The music of the late but much honored Polish composer Krzysztof Penderecki may be better known to American movie aficionados than by symphony patrons. His menacing music has underscored such classics as The Exorcist and The Shining, to mention only two of the many films that have relied on his muse.In Friday’s streamed concert from the Jacobs Music Center, San Diego Symphony Music Director Rafael Payare brought Penderecki’s 2013 “Adagio for Strings” to online audiences. A glowing meditation that encompasses both lament and aspiration, this deftly structured “Adagio” brims with the composer’s distinctive, austere lyricism, which Payare and the Symphony strings delivered with exceptional assurance and finesse.
Concertmaster Jeff Thayer’s silvery sonority and adroit definition uplifted the several solo violin passages the composer weaves throughout the piece, and Associate Principal viola Nancy Lochner and Principal Cello Yao Zhao handled their shorter solo forays with equal prowess. This “Adagio for Strings” has an indirect motion picture connection: the composer crafted this work for strings out of the slow movement of his Third Symphony, which Martin Scorsese used in the soundtrack of his 2010 film “Shutter Island.”
Payare has included Mozart on each of his monthly 2021 programs, and I don’t believe that the ease of performing Mozart’s music with smaller ensembles is the reason. The maestro has a winning approach that makes rather everyday Mozart compositions such as Friday’s “Divertimento in B-flat for Strings,” K. 137 or February’s “Serenade for Winds,” K. 388, stand out with unexpected substance. His Mozart displays the perfect balance of exuberance and discipline, qualities that made the Allegro di molto, the fast middle movement of the “Divertimento,” sparkle with apt elation.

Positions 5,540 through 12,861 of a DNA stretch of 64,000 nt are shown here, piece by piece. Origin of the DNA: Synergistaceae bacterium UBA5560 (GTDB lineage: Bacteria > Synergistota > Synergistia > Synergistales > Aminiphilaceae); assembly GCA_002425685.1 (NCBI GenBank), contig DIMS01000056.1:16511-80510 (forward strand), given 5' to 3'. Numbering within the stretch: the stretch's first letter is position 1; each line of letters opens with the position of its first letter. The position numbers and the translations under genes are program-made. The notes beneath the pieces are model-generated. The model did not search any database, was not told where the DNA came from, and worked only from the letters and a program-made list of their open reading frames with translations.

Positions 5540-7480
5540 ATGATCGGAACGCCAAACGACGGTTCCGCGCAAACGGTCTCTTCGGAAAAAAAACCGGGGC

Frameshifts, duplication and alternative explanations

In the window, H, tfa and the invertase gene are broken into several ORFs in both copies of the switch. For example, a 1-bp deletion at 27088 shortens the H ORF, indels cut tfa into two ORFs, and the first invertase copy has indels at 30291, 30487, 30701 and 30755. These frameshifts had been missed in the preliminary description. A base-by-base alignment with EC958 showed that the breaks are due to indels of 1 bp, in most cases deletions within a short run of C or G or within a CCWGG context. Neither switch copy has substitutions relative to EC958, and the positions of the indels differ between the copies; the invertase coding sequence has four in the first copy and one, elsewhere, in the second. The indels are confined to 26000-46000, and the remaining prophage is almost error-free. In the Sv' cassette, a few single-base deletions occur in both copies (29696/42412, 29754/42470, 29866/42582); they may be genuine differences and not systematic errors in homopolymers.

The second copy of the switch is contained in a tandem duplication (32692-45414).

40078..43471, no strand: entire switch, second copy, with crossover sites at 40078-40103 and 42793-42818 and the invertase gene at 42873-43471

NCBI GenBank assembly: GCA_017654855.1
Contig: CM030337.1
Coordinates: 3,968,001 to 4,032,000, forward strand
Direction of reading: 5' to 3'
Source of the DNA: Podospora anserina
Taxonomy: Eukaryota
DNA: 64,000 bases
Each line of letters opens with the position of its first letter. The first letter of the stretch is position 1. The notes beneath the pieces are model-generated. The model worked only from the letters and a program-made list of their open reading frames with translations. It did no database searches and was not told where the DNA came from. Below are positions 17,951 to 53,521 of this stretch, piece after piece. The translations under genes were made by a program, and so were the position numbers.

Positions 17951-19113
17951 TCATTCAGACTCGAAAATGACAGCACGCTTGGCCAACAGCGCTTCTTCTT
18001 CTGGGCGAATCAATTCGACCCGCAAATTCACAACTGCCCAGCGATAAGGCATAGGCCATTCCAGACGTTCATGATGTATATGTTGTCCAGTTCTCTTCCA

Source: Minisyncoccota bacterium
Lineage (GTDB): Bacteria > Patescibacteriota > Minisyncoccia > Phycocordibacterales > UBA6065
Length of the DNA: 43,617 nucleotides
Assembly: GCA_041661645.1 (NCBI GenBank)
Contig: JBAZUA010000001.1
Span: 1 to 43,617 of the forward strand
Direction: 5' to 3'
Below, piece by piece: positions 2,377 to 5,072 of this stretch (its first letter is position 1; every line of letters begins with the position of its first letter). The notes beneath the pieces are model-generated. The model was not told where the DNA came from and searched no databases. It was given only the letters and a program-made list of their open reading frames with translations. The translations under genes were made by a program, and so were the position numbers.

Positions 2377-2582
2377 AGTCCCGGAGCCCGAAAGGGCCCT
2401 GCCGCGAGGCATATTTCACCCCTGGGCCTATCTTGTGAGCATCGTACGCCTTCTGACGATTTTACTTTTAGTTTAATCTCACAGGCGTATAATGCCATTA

Antonin Dvořák’s “Serenade for Strings in E Major,” Op. 22, was written five years before the Tchaikovsky “Serenade for Strings,” which Payare and the Symphony played last month. Each Serenade offers abundant mellifluous themes for every section of the orchestra, and audiences respond favorably to these ingratiating works. I find Dvořák’s slow movement, the Larghetto, with its wistful, beautifully arched phrases more persuasive that Tchaikovsky’s parallel movement, the Elegy, but it is hard to surpass the panache of the Russian composer’s opening movement.
The orchestra gave a splendid account of this Serenade, sounding warmer and a bit more vibrant online than they do in Copley Symphony Hall. Or perhaps they are simply improving under Payare’s tutelage. If—and when—we return to the Jacobs Music Center, we will be able to judge. Until that time, everyone who loves the Symphony is grateful for these monthly streamed concerts.
This San Diego Symphony performance was streamed from the Jacobs Music Center’s Copley Symphony Hall on Friday, March 26, 2021.